This week: A service dog summits Mount Rainier, a cat door that prevents cats from bringing home dead things, and a cure for HIV—in mice.
We’ve entered the peak moving season in the US. On average, more than 40 million people move each year in the United States, with an estimated 80% of those moves occurring between April and September. And, according to an oft-quoted study on pet relinquishment at US animal shelters, the number one reason pet owners give for relinquishing pets is moving (7%). Does that mean we’ve also entered the peak season for pet relinquishment?
If we want to save seabirds, banning plastic straws alone won’t cut it. We need to ban plastic balloons. A recent study of more than 1,700 dead seabirds showed that the deaths of more than 25% were linked to eating plastic.
Usually, scientists discover cures for human health conditions by testing them on animals. This time, it’s the other way around. In a refreshing change of pace, a veterinary cardiologist and her colleagues have discovered a way to cure a rare but life-threatening heart arrhythmia in dogs by adapting a treatment pioneered in humans.
If you’re a veterinary professional, empathy for animals could be hardwired into your DNA, according to a new study by researchers at the University of Edinburgh’s Roslin Institute and Scotland’s Rural College (SRUC). And not just veterinary professionals—the study, published in the journal Animals,showed that people who display a greater-than-average compassion for animals are genetically different.
Researchers at a Canadian university used 3D printing technology to replace the majority of a dog’s cancer-ridden skull. The patient, a nine-year-old dachshund named Patches, had a tumor that had grown so large it was weighing down her head, growing into her skull, and pushing dangerously close to her brain and eye socket. The procedure is thought to be the first of its kind in North America.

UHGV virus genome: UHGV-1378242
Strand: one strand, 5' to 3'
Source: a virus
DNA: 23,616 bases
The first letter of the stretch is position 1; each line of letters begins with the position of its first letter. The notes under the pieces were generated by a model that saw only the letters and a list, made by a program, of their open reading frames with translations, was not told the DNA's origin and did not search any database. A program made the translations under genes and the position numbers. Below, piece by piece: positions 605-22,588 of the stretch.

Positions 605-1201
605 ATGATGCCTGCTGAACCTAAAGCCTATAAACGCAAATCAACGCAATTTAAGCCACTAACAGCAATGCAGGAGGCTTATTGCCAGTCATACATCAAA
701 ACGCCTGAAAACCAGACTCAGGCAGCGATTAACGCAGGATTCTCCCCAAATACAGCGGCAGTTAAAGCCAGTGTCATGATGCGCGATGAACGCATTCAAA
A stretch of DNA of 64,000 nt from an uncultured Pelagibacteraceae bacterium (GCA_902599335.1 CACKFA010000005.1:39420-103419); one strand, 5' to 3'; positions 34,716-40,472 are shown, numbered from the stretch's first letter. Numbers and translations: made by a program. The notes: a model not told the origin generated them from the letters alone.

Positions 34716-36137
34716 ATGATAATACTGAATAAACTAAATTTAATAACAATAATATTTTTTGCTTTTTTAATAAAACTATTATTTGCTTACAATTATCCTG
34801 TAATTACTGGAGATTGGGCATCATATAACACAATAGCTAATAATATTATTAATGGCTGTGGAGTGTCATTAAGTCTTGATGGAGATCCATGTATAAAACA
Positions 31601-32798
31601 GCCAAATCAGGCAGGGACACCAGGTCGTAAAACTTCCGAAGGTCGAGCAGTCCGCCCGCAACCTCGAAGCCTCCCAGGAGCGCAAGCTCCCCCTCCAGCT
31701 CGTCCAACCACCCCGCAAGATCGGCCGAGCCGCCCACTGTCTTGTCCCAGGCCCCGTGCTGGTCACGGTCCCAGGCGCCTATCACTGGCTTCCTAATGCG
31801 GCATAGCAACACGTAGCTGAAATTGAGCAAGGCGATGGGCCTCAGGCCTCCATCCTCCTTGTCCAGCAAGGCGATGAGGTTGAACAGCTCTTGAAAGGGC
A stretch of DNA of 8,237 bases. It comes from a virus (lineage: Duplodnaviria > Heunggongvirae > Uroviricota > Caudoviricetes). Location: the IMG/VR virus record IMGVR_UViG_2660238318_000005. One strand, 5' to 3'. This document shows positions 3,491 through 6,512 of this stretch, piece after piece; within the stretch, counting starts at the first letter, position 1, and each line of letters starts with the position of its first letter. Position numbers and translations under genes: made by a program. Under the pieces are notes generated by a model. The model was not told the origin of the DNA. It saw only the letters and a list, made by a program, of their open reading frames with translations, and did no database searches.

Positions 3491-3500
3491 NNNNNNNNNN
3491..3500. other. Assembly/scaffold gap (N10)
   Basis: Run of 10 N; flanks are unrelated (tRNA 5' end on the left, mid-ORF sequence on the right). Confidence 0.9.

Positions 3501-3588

There’s a new tick in town, and nobody’s sure how it got here. A team of researchers at Oklahoma State University’s (OSU) Center for Veterinary Health Sciences has confirmed the existence of an exotic species of tick in the United States. The particular tick they examined was found on a dog in Arkansas.
Fifteen percent of unused human medication gets flushed down the toilet. But only about 8% of pet medications get flushed. So, are veterinarians doing a better job of educating their clients on how to properly dispose of unused medication than physicians? Maybe, but it’s still not good enough.
Raw food diets are rooted in the notion that dogs and cats are carnivores who crave protein and evolved to eat meat. But is meat what they really want to eat? Maybe only if it tastes good. A new study shows that when food is altered to remove the appetizing taste, dogs and cats will pass up protein in favor of other macronutrients. Specifically, dogs prefer fat, and cats like carbs.
Even responsible pet owners do it all the time.They’ll take their dog for a walk in the woods and won’t bother picking up his feces, an oversight they’d never consider on a walk around the neighborhood. Maybe they think, “Hey, it’s the woods, nobody’s going to step in it.” Or, “Hey, it’ll decompose and help fertilize the ground.” Or, “Hey, bears go in the woods and nobody picks up their poop. What’s the difference?”